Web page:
Questions and comments:

Which do you personally prefer, HIIT or MISS?

If you previously did HIIT because you believed you were burning hundreds of calories post-workout, do you think you will still continue doing HIIT now that you know the after burn effect isn’t true?

Comment below if you’d like to share any thoughts about HIIT or if you have any questions.

Thanks for reading:)


Recommended Further Reading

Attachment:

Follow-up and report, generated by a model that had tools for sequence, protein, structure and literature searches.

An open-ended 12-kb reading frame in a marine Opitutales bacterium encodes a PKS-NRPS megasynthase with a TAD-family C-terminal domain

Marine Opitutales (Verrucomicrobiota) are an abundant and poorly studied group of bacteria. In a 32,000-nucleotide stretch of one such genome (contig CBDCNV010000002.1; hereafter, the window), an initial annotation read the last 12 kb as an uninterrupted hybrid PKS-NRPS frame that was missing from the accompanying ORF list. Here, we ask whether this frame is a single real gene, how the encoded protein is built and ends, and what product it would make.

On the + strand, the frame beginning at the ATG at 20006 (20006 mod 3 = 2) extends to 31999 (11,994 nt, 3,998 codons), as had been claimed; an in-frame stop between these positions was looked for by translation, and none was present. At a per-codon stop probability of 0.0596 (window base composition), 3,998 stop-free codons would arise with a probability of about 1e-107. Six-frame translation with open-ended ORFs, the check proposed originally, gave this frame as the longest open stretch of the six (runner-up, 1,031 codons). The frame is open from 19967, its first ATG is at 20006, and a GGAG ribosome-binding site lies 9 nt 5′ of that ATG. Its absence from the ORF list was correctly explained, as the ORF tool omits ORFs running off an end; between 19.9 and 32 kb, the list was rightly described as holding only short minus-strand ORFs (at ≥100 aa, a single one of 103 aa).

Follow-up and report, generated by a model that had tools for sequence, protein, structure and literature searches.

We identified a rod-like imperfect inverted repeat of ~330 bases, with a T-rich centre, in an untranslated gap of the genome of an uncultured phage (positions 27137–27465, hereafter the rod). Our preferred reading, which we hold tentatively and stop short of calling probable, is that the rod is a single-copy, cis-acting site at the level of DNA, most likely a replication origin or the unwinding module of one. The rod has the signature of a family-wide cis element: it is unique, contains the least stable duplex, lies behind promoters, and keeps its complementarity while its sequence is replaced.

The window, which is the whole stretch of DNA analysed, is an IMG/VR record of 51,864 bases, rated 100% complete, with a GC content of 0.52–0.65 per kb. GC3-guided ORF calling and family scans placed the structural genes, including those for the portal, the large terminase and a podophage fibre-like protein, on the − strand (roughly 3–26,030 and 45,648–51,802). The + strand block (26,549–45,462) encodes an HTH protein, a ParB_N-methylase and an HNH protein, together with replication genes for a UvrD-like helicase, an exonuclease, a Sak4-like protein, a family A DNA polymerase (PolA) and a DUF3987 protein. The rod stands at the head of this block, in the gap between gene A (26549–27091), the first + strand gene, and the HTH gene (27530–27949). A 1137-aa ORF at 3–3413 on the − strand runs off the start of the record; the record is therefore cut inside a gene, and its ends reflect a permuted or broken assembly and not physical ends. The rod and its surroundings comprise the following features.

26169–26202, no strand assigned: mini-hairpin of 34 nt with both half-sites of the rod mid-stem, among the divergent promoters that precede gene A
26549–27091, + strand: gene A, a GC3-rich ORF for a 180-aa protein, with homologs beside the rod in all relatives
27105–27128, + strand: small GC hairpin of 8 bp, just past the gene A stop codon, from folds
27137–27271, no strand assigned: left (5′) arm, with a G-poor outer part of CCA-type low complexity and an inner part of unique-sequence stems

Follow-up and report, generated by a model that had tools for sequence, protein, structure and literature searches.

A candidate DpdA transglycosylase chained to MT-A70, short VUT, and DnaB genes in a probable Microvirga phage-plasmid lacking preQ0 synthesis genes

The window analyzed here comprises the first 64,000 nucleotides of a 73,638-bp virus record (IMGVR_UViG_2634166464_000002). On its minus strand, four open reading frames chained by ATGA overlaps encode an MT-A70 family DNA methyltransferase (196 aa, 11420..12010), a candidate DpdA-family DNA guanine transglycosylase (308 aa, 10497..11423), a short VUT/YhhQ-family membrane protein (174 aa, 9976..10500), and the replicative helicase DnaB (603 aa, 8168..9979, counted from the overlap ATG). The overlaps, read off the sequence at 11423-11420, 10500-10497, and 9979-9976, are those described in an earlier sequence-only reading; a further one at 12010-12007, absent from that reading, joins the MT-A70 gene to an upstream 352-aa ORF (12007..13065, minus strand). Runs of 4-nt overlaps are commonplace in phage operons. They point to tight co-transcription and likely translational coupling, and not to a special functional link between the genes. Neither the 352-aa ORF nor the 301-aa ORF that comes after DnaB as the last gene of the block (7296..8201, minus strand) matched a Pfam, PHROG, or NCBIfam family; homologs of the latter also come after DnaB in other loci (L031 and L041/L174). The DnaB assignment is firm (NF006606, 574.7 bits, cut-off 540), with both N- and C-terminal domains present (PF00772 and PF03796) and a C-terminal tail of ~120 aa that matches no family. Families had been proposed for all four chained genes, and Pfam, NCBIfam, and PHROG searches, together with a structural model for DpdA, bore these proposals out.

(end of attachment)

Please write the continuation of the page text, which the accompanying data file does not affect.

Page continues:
Metabolic adaptations to short-term high intensity training: a little pain for a lot of gain,

Effect of Exercise Intensity, Duration and Mode on Post-Exercise Oxygen Consumption

Effects of moderate-intensity endurance and high-intensity intermittent training on anaerobic capacity and VO2max

8 Benefits of High-Intensity Interval Training (HIIT)

High-intensity interval training for health and fitness: can less be more?

Two weeks of high-intensity aerobic interval training increases the capacity for fat oxidation during exercise in women